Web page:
Any serious look at the realities of female genital mutilation in modern Britain cannot be complete without an attempt at sociological analysis in parallel with empirical description and policy discussion.
FGM is a social and economic force as well as a fundamental issue around human rights and the imperative on us all to keep the most vulnerable and smallest members of our society safe.
It is important to consider how sociological and economic analysis can contribute to understandings of what FGM means in a modern, historically fully established Western society such as, but not exclusively, the nations of Europe, North America and Australia.
Sociology throws light on how FGM sits in the social order, and what its impacts for that order might be, overall and directly for those who experience it (whether at first hand or in other ways). Economics helps in considering the implications of FGM for the economies of communities and societies in which it is found.
Continue reading “Eradicating Female Genital Mutilation Chapter 2: Socio-economic Analysis”
Female genital mutilation is a complex business. It involves deeply entrenched beliefs, real and resolute social and economic forces, human agency of a particularly intimate nature, brutality and secrecy. It is also held by large numbers of those involved, and perhaps also by the recipient of the action, to be in the best interests of the person who experiences it.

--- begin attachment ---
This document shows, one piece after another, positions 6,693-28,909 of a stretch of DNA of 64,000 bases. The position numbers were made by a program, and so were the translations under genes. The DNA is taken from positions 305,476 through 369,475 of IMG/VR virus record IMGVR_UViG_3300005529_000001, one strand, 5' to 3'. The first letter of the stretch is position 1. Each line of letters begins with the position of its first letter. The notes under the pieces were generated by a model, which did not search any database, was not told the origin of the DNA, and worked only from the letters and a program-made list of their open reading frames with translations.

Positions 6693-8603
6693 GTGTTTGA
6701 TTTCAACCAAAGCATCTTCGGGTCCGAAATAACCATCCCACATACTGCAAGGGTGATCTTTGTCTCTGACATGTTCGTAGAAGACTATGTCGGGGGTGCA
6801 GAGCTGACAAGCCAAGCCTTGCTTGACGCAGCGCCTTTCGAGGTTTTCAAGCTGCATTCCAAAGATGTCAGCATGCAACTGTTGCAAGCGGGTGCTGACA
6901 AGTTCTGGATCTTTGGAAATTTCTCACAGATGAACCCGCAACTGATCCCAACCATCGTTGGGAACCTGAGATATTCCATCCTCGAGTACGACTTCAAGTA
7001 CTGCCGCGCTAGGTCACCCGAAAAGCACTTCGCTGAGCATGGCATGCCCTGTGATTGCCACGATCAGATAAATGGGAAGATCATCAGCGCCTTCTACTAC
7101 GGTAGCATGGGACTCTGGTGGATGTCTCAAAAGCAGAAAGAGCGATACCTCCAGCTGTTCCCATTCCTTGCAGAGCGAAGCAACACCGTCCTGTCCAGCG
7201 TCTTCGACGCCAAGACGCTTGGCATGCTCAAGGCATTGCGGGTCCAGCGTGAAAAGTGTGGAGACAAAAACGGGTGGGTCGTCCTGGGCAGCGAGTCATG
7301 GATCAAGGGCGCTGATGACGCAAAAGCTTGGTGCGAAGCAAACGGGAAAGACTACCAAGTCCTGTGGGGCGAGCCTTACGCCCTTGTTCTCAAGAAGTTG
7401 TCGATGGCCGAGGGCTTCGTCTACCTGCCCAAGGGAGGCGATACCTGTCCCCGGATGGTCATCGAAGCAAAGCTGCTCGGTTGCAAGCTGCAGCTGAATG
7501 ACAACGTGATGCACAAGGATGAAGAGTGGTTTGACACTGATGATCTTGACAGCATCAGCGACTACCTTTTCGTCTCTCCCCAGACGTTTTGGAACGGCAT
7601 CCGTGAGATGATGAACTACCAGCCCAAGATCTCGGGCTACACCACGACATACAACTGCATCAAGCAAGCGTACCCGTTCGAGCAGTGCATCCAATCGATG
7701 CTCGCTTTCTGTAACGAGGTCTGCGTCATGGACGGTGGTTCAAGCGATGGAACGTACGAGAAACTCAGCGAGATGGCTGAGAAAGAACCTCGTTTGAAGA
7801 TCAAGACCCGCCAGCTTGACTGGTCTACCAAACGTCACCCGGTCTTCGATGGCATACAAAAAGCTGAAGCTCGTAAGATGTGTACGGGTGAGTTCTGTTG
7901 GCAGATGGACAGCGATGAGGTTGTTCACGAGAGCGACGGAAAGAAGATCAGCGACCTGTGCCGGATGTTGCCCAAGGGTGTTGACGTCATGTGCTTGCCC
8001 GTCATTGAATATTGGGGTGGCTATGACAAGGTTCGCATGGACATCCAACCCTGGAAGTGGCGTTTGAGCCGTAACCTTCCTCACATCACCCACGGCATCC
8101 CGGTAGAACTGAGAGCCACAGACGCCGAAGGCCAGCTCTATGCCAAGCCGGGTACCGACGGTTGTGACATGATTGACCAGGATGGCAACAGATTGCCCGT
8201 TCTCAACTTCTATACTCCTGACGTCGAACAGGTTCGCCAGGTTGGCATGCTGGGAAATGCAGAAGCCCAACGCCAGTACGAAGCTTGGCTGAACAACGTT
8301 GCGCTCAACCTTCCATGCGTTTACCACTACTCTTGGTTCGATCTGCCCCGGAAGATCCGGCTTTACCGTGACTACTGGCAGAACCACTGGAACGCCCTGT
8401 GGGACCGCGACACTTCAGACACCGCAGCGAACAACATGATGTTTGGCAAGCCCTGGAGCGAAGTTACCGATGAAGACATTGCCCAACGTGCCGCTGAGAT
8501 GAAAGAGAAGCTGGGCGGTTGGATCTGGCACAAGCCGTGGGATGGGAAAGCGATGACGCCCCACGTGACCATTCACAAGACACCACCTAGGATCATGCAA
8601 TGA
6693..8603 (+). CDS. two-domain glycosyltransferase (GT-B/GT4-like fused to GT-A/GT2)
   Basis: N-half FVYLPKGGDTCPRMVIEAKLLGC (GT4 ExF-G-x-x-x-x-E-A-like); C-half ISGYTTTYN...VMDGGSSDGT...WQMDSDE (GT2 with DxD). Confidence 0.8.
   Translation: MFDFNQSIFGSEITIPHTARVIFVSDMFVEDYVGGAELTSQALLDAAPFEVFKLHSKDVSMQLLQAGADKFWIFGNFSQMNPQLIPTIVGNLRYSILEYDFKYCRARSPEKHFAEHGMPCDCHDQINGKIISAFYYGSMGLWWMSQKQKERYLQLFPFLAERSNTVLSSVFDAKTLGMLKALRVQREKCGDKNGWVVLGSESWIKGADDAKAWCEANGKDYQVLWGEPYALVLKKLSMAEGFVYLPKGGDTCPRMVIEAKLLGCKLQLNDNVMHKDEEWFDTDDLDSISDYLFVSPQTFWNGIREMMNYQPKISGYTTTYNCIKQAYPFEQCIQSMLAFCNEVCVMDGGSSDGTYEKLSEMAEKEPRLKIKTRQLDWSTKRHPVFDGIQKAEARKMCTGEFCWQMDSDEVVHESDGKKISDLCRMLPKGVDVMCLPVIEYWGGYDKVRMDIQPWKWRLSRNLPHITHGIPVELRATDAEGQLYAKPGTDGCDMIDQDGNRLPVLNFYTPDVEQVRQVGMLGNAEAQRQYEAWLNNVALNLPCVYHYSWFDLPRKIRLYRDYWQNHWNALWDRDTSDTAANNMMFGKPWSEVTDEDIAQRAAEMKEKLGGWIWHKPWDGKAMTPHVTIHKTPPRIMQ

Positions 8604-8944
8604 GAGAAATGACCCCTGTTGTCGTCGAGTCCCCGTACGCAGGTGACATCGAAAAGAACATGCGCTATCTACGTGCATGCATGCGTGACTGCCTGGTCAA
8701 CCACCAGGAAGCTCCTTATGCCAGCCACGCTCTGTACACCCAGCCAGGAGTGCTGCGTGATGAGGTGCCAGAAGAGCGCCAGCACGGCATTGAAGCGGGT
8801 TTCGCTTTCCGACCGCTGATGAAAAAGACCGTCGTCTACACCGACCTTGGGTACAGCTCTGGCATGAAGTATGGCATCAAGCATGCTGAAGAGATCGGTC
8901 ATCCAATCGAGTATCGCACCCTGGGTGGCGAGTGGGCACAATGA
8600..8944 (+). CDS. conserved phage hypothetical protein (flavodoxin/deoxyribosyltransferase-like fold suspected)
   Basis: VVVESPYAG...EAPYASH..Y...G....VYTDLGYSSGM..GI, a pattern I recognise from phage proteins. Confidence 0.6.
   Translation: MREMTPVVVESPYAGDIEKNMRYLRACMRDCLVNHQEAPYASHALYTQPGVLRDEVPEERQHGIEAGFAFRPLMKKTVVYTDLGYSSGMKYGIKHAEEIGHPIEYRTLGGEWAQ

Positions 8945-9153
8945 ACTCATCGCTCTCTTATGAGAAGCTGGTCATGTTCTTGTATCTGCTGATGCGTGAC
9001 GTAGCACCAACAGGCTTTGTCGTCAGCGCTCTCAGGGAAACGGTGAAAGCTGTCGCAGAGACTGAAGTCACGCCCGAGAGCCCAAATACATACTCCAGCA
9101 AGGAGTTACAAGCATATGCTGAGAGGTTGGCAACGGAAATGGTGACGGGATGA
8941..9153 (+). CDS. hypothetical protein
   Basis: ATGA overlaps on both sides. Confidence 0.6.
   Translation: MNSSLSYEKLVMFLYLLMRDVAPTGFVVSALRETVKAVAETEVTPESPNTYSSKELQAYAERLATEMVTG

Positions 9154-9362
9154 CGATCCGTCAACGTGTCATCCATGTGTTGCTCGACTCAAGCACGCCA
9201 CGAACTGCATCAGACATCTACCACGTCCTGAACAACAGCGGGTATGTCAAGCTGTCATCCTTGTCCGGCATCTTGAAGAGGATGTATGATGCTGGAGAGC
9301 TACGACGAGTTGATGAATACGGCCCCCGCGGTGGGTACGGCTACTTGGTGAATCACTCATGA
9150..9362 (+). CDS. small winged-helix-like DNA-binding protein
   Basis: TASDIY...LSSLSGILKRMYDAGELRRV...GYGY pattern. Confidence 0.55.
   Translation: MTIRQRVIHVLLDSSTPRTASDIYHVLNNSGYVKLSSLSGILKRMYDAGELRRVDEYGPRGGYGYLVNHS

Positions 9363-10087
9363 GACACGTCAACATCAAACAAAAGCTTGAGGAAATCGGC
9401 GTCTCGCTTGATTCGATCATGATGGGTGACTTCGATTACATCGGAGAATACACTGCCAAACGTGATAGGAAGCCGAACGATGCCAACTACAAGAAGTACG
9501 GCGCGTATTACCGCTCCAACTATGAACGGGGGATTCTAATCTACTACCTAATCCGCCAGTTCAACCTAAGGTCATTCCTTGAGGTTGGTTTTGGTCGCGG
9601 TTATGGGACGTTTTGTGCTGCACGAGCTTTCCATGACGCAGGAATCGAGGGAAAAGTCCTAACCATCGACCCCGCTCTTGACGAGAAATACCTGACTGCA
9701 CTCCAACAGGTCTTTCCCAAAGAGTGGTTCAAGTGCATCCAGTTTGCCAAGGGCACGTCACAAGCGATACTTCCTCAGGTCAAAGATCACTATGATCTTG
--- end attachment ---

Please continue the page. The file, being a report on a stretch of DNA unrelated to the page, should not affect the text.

These are not easy issues to unpick, and the path towards understanding and arresting the practice is further complicated by the gulf between the traditions and beliefs which engender and enable, even ennoble, FGM, and those which proclaim it without exception to be abhorrent abuse.
Continue reading “Eradicating Female Genital Mutilation Chapter 8: Prevention: Communities”
How many more girls and young women in the UK (or the USA, or Australia, or in other Western states) will have their health, even lives, put at risk because of FGM?
How long will it be before Western political leaders recognise they must put their own house properly in order, as well as formulating FGM and those who practise it as ‘the other’?
And how long must we wait, with children at risk every day, before campaigners in communities and law enforcement authorities find ways to work together much more effectively? How are we to reach the crucial consensus, in traditionally practising communities and elsewhere, that FGM is everyone’s business, simply another grimly appalling act of cruelty permitting, of itself, no more ‘cultural sensitivity’ or special pleading by anyone involved than any other abuse of girls and women?
These are stark questions, but they must be asked. Children in the UK remain at serious risk; lives continue to be ruined in Britain, across the Western world and around the globe.
Continue reading “Eradicating Female Genital Mutilation Chapter 12: Will FGM be Eradicated in the UK in a Decade?”